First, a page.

"At the perception of stress, many kinds of neurochemical reactions take place in the body," she says. "The well known 'flight or fight' response is the body's way of preparing to deal with a perceived threat or attack. Although in today's complex world, fighting or fleeing are not very effective way of dealing with stresses such as workplace demands or financial pressures, this stress reaction still occurs unless we can learn more effective ways of responding."
Her course helps participants to evaluate the sources of stress in their lives, to refocus perceptions, and to break the stress response through practical relaxation techniques. "During each 90-minute session, participants learn new information, practise new techniques, share in group discussions at their comfort level, participate in relaxation training and take home practical exercises to carry out."
The Computing Help and Information Place will be closed all weekend, from tonight at 5 until Tuesday morning at 8. Over the weekend, says the department of information systems and technology, major outages of the campus computer network can be reported to ext. 4357 (888-4357) and will be addressed if possible.
The libraries will be open from 11 a.m. to 7 p.m. Saturday and Sunday, and closed entirely on Monday.
Food services says Mudie's, at Village I, will be open from 7:30 a.m. to 11 p.m. all weekend. All other outlets will have regular hours Friday (Brubakers in the Student Life Centre is open until 7 p.m.), but will be closed on Saturday, Sunday and Monday.
Graphics Express in the Dana Porter Library will be open Saturday from noon to 4 p.m., closed Monday. The Davis Centre copy centre will be closed all weekend.
Some key services continue as always, 24 hours a day:
The TriUniversity Group of Libraries (TUG) is completing an upgrade of the TRELLIS system software. The first step was done in late April. The second step will begin on Sunday evening, May 23 and continue through Tuesday, May 25.
At approximately 6:00 p.m. on Sunday, May 23, the TRELLIS system will be shut down and will remain down until the upgrade has been completed.
All UW Libraries are closed on Sunday evening and all day Monday. On Tuesday, library services will be maintained at as near a normal level as possible. In the Libraries, many circulation services will be offered but self-charge will not be available.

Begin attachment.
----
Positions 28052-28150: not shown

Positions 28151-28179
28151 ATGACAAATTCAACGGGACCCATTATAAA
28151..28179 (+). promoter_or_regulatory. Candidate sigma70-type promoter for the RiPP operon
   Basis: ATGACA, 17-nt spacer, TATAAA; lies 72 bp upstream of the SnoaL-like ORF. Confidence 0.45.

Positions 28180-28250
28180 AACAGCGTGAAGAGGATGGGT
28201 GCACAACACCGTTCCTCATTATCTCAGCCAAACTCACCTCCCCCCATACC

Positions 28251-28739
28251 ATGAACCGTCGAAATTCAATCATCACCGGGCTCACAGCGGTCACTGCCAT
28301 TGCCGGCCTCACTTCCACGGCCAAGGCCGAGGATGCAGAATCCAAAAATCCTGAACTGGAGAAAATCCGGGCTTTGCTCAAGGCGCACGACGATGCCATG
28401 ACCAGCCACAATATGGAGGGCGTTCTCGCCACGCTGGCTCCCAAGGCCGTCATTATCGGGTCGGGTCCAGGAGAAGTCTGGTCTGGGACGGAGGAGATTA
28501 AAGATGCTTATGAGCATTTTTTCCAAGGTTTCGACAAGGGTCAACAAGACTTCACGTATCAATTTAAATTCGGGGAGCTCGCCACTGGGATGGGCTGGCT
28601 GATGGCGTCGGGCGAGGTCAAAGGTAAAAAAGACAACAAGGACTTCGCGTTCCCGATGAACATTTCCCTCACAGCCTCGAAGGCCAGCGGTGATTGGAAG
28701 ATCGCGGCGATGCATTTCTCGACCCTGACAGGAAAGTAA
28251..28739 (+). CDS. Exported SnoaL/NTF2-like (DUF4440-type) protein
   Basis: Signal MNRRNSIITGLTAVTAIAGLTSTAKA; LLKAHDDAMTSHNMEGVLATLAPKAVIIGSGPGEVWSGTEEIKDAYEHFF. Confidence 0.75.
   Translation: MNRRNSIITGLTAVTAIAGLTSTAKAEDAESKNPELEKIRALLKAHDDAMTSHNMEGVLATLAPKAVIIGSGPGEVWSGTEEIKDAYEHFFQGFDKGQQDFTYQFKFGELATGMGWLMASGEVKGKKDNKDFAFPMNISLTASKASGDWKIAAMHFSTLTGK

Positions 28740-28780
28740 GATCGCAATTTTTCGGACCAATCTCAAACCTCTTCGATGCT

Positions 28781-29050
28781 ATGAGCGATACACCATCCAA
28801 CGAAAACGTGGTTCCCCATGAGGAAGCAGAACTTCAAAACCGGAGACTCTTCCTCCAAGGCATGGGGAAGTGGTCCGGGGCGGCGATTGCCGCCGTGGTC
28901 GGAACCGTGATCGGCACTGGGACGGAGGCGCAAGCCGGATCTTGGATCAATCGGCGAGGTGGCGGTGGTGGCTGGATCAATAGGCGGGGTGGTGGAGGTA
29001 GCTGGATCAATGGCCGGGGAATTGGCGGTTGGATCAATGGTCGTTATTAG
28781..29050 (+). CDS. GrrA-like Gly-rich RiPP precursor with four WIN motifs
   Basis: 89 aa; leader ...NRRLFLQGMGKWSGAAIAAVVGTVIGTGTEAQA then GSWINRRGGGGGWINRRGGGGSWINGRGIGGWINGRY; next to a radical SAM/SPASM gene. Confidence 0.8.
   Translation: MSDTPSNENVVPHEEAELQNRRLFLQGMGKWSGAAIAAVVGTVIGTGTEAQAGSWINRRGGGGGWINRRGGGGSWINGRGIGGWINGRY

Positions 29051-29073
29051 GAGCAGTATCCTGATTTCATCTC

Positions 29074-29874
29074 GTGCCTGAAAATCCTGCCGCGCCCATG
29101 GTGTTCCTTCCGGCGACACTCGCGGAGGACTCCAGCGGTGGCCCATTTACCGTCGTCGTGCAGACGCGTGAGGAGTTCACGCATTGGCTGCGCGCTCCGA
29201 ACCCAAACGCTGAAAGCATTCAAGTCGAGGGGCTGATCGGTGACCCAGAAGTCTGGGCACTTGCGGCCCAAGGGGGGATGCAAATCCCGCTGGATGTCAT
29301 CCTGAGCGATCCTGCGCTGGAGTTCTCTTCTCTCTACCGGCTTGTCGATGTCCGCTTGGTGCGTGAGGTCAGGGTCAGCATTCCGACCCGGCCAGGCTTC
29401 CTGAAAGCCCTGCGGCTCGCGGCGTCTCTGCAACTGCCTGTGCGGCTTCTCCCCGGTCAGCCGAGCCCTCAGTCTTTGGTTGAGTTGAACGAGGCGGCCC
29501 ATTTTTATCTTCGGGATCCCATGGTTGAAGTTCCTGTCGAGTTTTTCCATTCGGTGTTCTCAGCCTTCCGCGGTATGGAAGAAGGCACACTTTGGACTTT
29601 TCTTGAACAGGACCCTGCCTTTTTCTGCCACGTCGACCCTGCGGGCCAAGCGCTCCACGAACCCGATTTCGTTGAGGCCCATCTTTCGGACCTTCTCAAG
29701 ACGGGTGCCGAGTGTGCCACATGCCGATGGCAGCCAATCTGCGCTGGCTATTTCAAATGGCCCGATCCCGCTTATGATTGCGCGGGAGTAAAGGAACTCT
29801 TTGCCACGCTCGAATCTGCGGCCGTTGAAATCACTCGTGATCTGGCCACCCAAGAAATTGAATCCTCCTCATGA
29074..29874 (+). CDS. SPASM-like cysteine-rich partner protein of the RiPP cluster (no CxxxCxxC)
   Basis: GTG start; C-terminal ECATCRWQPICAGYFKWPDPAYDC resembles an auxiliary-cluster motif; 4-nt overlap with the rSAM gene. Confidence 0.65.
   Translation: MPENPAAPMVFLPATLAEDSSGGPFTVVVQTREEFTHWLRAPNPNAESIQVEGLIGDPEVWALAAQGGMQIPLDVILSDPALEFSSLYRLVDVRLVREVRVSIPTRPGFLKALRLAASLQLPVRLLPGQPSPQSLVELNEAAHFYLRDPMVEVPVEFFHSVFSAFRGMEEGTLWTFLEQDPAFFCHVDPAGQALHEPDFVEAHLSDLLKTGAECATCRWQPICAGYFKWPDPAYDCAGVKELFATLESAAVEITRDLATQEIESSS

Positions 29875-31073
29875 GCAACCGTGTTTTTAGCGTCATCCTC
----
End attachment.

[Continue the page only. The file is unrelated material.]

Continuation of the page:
Web services (e.g. journal indexes, electronic journals, ILL forms, subject-based web sources) which are accessed from the TUG web page should not be affected. Course Reserve information will be available via the TRELLIS page on the TUG web. If you require other TRELLIS information while the system is down, please contact an Information Desk in one of the Libraries on campus and staff will try to help you.
TRELLIS should be available for use again on Wednesday, May 26.
Staff members' ballots in the referendum about changing from once-a-month pay to twice-a-month are due back to the university secretariat by 3 p.m. today.
Jan Willwerth in the information systems and technology department, phone ext. 2376, will be glad to hear from staff and faculty members interested in the Matthews Golf Classic, this year scheduled for Monday, June 21.
The Ontario Folk Dance Camp will bring approximately 100 participants to UW's Ron Eydt Conference Centre over the holiday weekend.
I didn't receive the regular Positions Available list this week, which is why it didn't appear in Wednesday's Bulletin, but it is available on the Web.
The winner in this month's draw in the Dollars for Scholars raffle was Anne Wagland of the office of the vice-president (academic) and provost.
The bookstore is planning a strawberry social for midday on Tuesday, June 1, to celebrate the opening of the renovated Techworx stationery shop and Double U's coffee shop (more details next week).
Editor of the Daily Bulletin: Chris Redmond
Information and Public Affairs, University of Waterloo
firstname.lastname@example.org | (519) 888-4567 ext. 3004